Designers have to keep in mind that, to make an effective and efficient learning occurrence for the learners, they need to create their instructional material with elements of interactive learning activities to involve and engage the learners, which will eventually encourage an outstanding learning experience.

‘Seven Principles of Good Practice’ to follow in designing Online Education

[tweetmeme]Good quality training material is defined differently for every individual. A definition must be substantiated, the quality of education must be assessed and evaluated regularly.  As an instructor or an instructional designer, we must look at a variety of indicators to get an evident picture of the quality of educational material that we design for online students.

‘Seven Principles of good Practice’, was developed by Arthur W. Chickering and Zelda Gamson in 1987 and was later revised in 1996 with a focus on technology. These principles offer suggestions on how to assess and evaluate online education. “The principles were based on a research in teaching-learning activities that produced improved outcomes” (Ehrmann, 2000, p.38). The research has set the groundwork for education systems standards and the implementation of the seven principles of good practice-a foundation used by higher educational institutions everywhere.

Given below are the Seven Principles of Good Practice in online education –

  1. Good practice encourages contact between students and instructor – Frequent contacts between a student and an instructor right from the commencement of the class through the end of the class needs to be encouraged to motivate and have the students involved. E.g. Communicating with students via; Web conferencing, Email, Discussion board, etc. By communicating with the students, the students won’t feel isolated and therefore, will be encouraged to continue the education.
  2. Good practice develops reciprocity and cooperation among students – Collaborative learning develops thinking and expands understanding. Working/studying in a team enhances involvement in learning. E.g. Team project work.
  3. Good practice uses active learning techniques – Students must present reflective write-up about what they are learning, instructor may encourage writing that relates to their past experiences, and apply those to their present situation. Encourage students to participate in asynchronous tools like discussion boards to present their write-up and respond to their peers. By discussing/Critiquing peers work, students are motivated and get involved in learning.
  4. Good practice gives prompt feedback – Recognizing whether you are right or wrong benefits in focusing what you learn. Students at any stage always need help in assessing their existing knowledge competence. The students in online education usually anticipate to two types of feedback; informative feedback and acknowledgment feedback. Informative feedback motivates students and helps them to move further with confidence. Acknowledgment feedback is to inform the student that they have received an assignment and so on.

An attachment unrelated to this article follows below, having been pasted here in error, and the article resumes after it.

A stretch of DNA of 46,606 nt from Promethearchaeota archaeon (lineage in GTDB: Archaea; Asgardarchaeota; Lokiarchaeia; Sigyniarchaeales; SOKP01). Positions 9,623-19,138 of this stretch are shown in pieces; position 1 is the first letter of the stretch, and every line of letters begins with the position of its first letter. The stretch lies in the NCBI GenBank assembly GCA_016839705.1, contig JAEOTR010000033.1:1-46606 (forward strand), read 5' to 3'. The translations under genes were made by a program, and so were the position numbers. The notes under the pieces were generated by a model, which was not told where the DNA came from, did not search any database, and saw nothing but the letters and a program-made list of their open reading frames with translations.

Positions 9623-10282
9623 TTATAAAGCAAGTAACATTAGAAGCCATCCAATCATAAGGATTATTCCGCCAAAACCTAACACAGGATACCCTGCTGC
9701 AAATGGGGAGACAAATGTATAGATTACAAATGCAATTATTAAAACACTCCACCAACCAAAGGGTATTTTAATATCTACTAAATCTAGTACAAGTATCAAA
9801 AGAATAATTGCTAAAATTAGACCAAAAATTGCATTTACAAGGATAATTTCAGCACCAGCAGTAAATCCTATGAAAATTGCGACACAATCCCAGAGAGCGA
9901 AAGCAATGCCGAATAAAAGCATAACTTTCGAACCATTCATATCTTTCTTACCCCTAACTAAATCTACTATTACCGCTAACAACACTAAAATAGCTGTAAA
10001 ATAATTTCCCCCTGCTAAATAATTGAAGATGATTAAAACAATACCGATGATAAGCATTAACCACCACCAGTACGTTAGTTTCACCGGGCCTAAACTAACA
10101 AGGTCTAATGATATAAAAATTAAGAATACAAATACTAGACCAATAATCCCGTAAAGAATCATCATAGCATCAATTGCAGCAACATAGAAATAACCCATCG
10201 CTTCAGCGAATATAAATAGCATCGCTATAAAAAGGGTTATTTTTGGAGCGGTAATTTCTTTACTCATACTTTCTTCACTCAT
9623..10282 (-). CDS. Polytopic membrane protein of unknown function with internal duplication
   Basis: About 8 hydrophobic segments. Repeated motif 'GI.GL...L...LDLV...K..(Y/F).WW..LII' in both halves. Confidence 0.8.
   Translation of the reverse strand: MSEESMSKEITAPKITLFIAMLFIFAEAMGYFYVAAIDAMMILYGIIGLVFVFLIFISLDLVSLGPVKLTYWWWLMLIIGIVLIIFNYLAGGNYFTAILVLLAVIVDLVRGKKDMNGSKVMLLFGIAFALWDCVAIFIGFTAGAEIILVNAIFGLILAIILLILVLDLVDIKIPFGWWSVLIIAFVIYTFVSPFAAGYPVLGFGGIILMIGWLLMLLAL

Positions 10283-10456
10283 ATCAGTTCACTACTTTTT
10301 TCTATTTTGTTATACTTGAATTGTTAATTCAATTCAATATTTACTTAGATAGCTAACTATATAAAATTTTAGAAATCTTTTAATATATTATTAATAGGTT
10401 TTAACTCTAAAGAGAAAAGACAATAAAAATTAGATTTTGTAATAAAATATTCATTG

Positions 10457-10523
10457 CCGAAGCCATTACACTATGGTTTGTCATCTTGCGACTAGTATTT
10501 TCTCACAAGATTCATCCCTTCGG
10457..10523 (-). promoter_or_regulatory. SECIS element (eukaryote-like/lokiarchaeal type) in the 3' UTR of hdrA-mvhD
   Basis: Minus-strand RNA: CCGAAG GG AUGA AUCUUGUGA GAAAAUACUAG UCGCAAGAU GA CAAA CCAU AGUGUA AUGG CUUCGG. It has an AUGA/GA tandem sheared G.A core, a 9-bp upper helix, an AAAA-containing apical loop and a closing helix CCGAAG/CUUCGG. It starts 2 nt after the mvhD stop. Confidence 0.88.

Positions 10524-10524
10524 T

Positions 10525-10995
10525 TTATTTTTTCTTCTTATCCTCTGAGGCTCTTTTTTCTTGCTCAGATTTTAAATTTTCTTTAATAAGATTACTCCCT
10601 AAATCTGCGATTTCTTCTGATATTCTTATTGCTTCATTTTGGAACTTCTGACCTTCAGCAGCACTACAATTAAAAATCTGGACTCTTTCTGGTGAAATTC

5. Good practice emphasizes time on task – Allocating a quality amount of time will always lead to effective learning for students as well as for instructors. Online education needs to have timely deadlines for the students to stay on track and avoid procrastination.
  6. Good practice communicates high expectations – Instructors need to expect high expectations from student’s performance. They can maintain this by assigning challenging project or assignment work throughout the course. E.g. Faculties can show examples of work from older students and explain to the students, how the example work met her expectations. Make your expectations very clear in the beginning of the course work.
  7. Good practice respects diverse talents and ways of learning – Make tailored course work. Allow students to choose their own project/ assignment work rather than assigning them a particular topic. This will always bring out student’s self-confidence as it would encourage bringing out their talent as well as sharing their own perspective.

Do you accept the ‘Seven principles of good practice’, or are there other principles you consider should also be looked at when assessing quality in learning?

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© Priya Gopalakrishnan and eLearningbuzz.wordpress.com, 2010. Unauthorized use and/or duplication of this material without express and written permission from this blog’s author and owner is strictly prohibited.
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The impact of Internet and web in ‘K-12 education, Higher Education and Adult Education’

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Selected as one of the ‘Best Blog Posts of the Week; May 30, 2010 – June 05, 2010‘  by elearningPlanet.com

The technological innovations of Internet and the web demonstrates a major impact in –

  • K-12 Education (public, private, home school)